Published on April 27th, 2018 | by Anindya Dutta0
The fastest man in cricket – The story of Shoaib Akhtar the 100mph man🕓 Reading time: 9 minutes
“Love him or hate him, you cannot ignore him. Whatever his lows and whatever his highs, when a hundred years on, a cricket fan makes a list of the fastest bowlers in history, the name of Shoaib Akhtar will always pop up as the first man to break the 100 mph barrier, twice”.
An average Hurricane mapped over a 60 second period only reaches 74 miles per hour wind gusts, a Cheetah attains a speed of 68.66 miles per hour in 2.25 seconds from crouching position, and the holy grail of fast bowling is clocking 100 miles per hour.
Think about it. A cricket pitch is 22-yards or 0.0125 miles. Assuming you were a batsman facing a fast bowler who achieves such a speed, your chances of avoiding a cheetah hurtling at you or a hurricane seeking to flatten you are higher than getting out of the way of such a delivery. At that speed, you have up to three-quarters of a second before the cherry kisses your bat or indeed any unfortunate part of your body that happens to be in the way.
They say of a sniper’s bullet that if you hear it, then you are safe, because it will already have passed safely by. It is the ones that you don’t hear that do for you. It is no different with a cricket ball coming at those speeds, as batsmen across the world have known since Jeff Thomson burst onto the scene in the 1970’s.
In The Art of Fast Bowling, Dennis Lillee wrote about a speed contest conducted at the WACA in December 1975. Jeff Thomson clocked 99.7 mph (160.4 kmph) twice, while Andy Roberts bowled at 99.1 mph (159.5 kmph). The same test was conducted a year later, and Thomson bowled at 99.8 mph (160.6 kph). The 100-mph barrier, however, continued to elude the fast men.
Until Shoaib Akhtar discovered cricket on the streets of Pakistan and happening upon Imran Khan, Wasim Akram and Waqar Younis practising at the Pindi Club grounds in Rawalpindi, decided he wanted to be the fastest man in the world. Anything less was not enough.
Meeting a hero and reaching for the sky
Born into an underprivileged Gujjar family in the dilapidated neighbourhood of Morgah in Rawalpindi, Shoaib Akhtar looked destined to be anything but an athlete. Born flat-footed, unable to balance on his feet until the age of three, he almost didn’t survive a bout of whooping cough, an ailment that has a high child mortality rate in many developing countries. But once he recovered from this, the change was almost miraculous.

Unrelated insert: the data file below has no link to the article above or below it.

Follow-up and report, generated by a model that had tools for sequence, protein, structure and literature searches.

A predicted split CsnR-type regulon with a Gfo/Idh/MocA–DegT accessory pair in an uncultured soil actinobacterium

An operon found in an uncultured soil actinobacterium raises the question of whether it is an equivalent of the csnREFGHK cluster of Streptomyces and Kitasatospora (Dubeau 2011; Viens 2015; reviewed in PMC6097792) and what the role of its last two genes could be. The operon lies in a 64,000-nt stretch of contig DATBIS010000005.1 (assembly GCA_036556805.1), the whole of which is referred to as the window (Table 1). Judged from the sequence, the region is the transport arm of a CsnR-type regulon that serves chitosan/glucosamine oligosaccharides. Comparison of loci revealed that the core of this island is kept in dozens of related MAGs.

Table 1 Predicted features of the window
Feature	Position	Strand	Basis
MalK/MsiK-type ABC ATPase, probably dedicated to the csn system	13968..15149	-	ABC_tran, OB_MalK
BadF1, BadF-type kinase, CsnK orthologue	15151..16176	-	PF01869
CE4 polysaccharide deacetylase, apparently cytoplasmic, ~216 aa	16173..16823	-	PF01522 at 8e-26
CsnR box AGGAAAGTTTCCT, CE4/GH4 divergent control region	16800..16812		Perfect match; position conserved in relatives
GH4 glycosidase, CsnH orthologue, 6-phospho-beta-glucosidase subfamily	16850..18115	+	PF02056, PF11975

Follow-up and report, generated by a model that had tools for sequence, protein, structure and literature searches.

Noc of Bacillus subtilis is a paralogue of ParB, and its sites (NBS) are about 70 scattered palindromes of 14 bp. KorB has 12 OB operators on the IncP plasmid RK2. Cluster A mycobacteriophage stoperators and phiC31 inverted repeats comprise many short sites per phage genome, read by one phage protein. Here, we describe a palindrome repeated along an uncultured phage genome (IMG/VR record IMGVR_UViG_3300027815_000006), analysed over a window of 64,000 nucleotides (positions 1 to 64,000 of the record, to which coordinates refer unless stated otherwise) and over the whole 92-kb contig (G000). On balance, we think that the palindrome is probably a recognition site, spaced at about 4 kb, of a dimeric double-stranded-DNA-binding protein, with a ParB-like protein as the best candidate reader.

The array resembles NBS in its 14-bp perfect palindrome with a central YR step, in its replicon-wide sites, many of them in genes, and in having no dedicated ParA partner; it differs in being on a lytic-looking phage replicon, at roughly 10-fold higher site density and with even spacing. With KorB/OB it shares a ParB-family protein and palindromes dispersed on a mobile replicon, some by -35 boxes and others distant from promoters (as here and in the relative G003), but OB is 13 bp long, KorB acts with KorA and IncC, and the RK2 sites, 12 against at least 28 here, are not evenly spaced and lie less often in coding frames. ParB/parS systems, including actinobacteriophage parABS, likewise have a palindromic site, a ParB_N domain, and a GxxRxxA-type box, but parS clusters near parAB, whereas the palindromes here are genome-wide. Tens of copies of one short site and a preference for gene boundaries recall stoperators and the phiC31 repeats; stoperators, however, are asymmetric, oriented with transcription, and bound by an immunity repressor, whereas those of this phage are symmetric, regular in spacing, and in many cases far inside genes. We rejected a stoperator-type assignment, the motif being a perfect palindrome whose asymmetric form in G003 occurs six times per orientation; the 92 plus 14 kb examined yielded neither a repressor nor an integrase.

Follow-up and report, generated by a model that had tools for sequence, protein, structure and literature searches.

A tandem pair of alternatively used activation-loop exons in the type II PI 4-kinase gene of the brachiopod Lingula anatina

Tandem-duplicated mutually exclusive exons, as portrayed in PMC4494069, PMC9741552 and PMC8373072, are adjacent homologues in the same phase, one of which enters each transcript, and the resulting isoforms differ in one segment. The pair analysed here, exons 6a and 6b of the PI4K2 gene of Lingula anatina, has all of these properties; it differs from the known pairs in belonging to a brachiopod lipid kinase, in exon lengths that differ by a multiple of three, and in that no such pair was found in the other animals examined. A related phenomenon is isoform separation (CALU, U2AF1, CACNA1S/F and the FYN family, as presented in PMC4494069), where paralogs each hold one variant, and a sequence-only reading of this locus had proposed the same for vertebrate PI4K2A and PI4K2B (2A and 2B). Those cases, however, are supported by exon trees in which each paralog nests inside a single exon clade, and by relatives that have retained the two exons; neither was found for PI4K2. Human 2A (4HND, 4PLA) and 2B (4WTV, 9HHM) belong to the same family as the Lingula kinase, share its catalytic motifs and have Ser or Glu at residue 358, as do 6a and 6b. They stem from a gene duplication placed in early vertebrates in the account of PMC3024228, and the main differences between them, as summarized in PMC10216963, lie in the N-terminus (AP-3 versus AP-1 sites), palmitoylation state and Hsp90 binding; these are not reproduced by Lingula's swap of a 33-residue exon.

About the next phase of his life, he says in his candid autobiography Controversially Yours: “Running is the most vivid memory I have from my early childhood. Even then I could run fast, faster than all the other children in my neighbourhood. I ran for no rhyme or reason. I would run up hills, through meadows, down the streets, everywhere and at any given opportunity. I had such high levels of energy that I just coudn’t keep still.”
Shoaib’s elder brother used to play cricket at Pindi Club and when he saw his brother on the cricket field in college, he realized that Shoaib had talent. At a local match soon after when they were a man short, he was drafted into the team. Shoaib describes what happened when he was asked to bowl: “The first ball hit the batsman on the head, the second on the chest. The opposition looked anxious but my captain had a broad smile on his face.”
That first experience and the subsequent encounter with the Pakistani quicks at the Pindi Club would set Shoaib on his path to cricketing success. On his Test debut in 1997 against West Indies in his hometown of Rawalpindi, Shoaib would be part of a pace quartet, bowling with pace and achieving moderate success alongside Wasim Akram, Waqar Younis and Azhar Mahmood. Pakistan would win the match by an innings. It was exhilarating stuff. Shoaib Akhtar had arrived.